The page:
The authors, who published their findings in the Journal of the Science of Food and Agriculture, found that blue corn-containing cookies baked with citric acid in a convection oven retained the maximum total anthocyanin content (TAC).
“Cookies serve as a satisfactory model for baked food systems to demonstrate how manipulating ingredients and processing conditions can improve anthocyanin retention yet retain acceptable cookie properties,” concluded the researchers.
The authors explained that blue corn (maize) contains high levels of anthocyanins – pink to purple water-soluble flavonoids that are naturally occurring pigments in many fruits and red wine and have claimed health benefits.
In both in vitro and in vivo studies, anthocyanins tend to reduce cancer cell proliferation and inhibit tumour formation, report the team, who added that research has demonstrated that anthocyanins also protect against cardiovascular disease.
However, anthocyanins are sensitive to degradation by high pH, light and temperature, and the researchers said the focus of their study was thus on how pH changes (acidulents) and oven type affect the residual anthocyanin content of cookies containing blue corn.
A cookie formula with a high level of blue corn was developed with added acidulents including citric acid, lactic acid and glucono-?-lactone (GDL) and baked in ovens with different heat transfer coefficients.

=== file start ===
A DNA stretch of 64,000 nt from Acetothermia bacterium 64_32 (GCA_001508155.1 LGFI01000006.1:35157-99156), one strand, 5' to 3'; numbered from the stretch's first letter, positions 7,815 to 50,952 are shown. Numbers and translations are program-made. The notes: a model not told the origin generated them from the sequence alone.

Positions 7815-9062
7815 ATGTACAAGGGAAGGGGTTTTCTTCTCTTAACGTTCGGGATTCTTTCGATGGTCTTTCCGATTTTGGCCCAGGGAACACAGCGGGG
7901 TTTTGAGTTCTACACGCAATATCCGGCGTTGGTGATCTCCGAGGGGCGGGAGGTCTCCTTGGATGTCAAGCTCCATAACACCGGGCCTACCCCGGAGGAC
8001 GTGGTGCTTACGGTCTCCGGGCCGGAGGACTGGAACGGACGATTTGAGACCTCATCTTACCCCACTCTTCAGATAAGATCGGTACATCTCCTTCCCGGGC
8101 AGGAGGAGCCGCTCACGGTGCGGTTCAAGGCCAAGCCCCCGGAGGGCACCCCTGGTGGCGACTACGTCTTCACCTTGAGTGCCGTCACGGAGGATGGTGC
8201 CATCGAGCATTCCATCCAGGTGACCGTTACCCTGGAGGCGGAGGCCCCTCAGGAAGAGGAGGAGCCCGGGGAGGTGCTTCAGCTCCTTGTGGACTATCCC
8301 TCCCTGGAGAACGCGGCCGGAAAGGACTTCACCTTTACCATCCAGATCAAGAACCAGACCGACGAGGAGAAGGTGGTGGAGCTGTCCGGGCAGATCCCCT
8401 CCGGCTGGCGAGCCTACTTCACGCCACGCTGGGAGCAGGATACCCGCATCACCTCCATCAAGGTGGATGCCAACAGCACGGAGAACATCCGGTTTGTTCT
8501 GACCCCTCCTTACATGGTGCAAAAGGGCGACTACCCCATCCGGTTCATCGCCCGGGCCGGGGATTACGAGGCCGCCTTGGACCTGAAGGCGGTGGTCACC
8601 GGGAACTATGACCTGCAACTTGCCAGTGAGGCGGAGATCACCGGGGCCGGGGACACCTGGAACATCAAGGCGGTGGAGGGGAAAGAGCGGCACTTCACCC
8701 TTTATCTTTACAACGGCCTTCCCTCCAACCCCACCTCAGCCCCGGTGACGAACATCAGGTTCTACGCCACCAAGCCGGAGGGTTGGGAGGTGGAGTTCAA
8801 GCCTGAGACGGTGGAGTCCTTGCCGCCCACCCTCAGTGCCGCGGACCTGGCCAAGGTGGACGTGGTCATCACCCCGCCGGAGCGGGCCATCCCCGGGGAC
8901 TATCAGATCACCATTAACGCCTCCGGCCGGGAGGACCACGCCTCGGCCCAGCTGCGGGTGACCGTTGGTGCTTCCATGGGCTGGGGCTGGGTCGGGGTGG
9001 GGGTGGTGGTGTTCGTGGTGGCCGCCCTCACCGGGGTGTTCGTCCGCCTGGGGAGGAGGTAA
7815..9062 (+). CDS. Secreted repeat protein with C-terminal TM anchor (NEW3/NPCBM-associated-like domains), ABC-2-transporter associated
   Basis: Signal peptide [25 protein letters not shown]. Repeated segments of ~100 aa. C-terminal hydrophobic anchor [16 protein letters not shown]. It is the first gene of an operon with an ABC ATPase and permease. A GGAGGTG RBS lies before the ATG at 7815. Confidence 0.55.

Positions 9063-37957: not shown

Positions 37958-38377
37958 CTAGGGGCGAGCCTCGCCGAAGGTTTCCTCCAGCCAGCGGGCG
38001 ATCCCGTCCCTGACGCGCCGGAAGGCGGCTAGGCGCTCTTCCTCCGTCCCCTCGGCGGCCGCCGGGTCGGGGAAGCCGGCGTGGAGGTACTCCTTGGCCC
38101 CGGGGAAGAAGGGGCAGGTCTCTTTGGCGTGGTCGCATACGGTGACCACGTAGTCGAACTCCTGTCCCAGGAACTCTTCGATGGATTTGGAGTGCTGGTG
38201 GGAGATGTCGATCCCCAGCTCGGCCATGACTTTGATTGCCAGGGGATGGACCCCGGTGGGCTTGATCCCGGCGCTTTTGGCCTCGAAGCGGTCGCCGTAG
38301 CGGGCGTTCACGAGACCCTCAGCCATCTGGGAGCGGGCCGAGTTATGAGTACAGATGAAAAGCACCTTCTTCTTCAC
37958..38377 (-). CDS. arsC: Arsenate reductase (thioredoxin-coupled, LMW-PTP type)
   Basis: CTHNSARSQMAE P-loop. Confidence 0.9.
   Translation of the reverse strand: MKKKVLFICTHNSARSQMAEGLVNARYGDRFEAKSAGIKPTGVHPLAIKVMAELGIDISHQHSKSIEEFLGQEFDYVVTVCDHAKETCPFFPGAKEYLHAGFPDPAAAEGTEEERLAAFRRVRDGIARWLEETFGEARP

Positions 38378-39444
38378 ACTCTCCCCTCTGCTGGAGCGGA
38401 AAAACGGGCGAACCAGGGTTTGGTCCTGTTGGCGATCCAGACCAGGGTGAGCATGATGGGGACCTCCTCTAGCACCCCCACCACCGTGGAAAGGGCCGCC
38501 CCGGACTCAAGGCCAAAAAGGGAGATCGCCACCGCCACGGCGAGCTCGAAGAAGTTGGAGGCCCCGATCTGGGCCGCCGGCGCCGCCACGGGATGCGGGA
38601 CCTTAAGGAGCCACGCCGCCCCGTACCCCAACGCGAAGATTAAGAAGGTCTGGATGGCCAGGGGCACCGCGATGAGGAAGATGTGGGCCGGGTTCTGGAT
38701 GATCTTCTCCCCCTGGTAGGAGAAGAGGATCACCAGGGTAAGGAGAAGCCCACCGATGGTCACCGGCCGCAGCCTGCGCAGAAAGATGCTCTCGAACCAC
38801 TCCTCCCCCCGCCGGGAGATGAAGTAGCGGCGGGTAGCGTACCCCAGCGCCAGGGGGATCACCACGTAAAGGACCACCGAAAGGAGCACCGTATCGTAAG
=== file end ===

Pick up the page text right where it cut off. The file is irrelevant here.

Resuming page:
An electric reel oven, a gas forced convection oven and an electric impingement oven were used to bake the cookies.
The best whole-grain blue corn flour/wheat pastry flour ratio (80:20 w/w), guar gum level (10 g kg?1, flour weight basis) and water level (215 g kg?1, flour weight basis) were determined based on response surface methodology analysis.
Acidulents were added to lower the pH in the cookies and reduce the decomposition of anthocyanins during baking.
Generally, the convection oven was more efficient in baking and retaining TAC in the blue corn cookies than was the reel oven.
“If the cookies were baked at 177°C for 7 min (TAC 130 mg kg?1) in the convection oven, the TAC remaining in the cookies was higher than when baking at the same temperature in the reel oven (115 mg kg?1),” found the researchers.
They said that this factor was explained by the higher heat transfer efficiency in the convection oven, which allows more heat-sensitive anthocyanins to survive during the shorter time.
“Based on product properties (diameter spread and surface character), 182°C and 4 min were identified as the baking conditions to retain both maximum TAC and the desired cookie characteristics,” concluded the team.
They added that GDL, citric acid and lactic acid all increased residual TAC in both the cookie dough and the final cookies but citric acid, with three replaceable hydrogen ions, retained the highest level of anthocyanin content in the cookies.
And the researchers maintain that the same procedure can be used to increase residual natural source antioxidants in other baked foods.
Source: Journal of the Science of Food and Agriculture